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Evaluation of the effectiveness of remdesivir in treating severe COVID-19 using data from the ISARIC WHO Clinical Characterisation Protocol UK: a prospective, national cohort study.

By Barbara N Arch, Dorottya Kovacs, Janet Scott, Ashley P Jones, Ewen M Harrison, Anna Rosala-Hallas, Carrol G Gamble, Peter Openshaw, J Kenneth Baillie, Malcolm G. Semple

Posted 21 Jun 2021
medRxiv DOI: 10.1101/2021.06.18.21259072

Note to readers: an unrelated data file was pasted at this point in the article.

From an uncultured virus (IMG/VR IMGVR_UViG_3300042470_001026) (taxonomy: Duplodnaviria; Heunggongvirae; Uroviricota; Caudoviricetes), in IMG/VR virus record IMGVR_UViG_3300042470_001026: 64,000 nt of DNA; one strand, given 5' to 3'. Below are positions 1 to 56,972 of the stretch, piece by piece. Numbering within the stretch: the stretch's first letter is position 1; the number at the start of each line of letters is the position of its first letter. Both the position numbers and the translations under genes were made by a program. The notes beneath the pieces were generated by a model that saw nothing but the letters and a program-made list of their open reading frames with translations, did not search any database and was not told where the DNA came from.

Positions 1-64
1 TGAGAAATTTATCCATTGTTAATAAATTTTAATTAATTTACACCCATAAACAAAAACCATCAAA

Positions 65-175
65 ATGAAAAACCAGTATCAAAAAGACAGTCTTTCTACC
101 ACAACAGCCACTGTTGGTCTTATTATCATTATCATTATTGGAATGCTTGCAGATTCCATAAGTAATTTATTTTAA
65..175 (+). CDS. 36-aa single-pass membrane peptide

Background Remdesivir was given UK early-access approval for use in COVID-19 in people aged 12 years and older on 26th May 2020 on the basis of unmet clinical need. Evidence on the side effects, complications of therapy and effectiveness of this therapy is lacking or conflicting. Methods Adults with severe COVID-19 treated with remdesivir were compared with propensity-score matched controls, identified from the ISARIC WHO Clinical Characterisation Protocol study of UK hospitalised patients with COVID-19. Remdesivir patients were matched to controls according to baseline underlying 14-day mortality risk. The effect of remdesivir on short-term outcomes was investigated (primary outcome: 14-day mortality). Effect sizes were estimated and adjusted for potential confounders using multivariable modelling. Results 1,549 patients given remdesivir and 4,964 matched controls were identified satisfying inclusion and exclusion criteria. The balance diagnostic threshold was achieved. Patients had symptoms for a median of 6 days prior to baseline; 62% were male, with mean (SD) age 63.1 (15.6) years, and 80% categorised as White ethnicity. Fourteen-day mortality was not statistically significantly associated with treatment (9.3% remdesivir vs. 11.9% controls, odds-ratio 0.80, [95% CI 0.60-1.07], p=0.116, adjusted for age, sex, number of key comorbidities, dexamethasone use, and diagnosis of viral pneumonia. Findings Treatment with remdesivir was not associated with a reduction in mortality in our primary endpoint at 14 days. Interpretation Remdesivir did not significantly improve mortality in this study. The findings are subject to the limitations of an observational study. Balance was achieved for measured baseline factors, but unmeasured confounders may account for observed treatment effect sizes. Funding Medical Research Council UK & National Institute of Health Research

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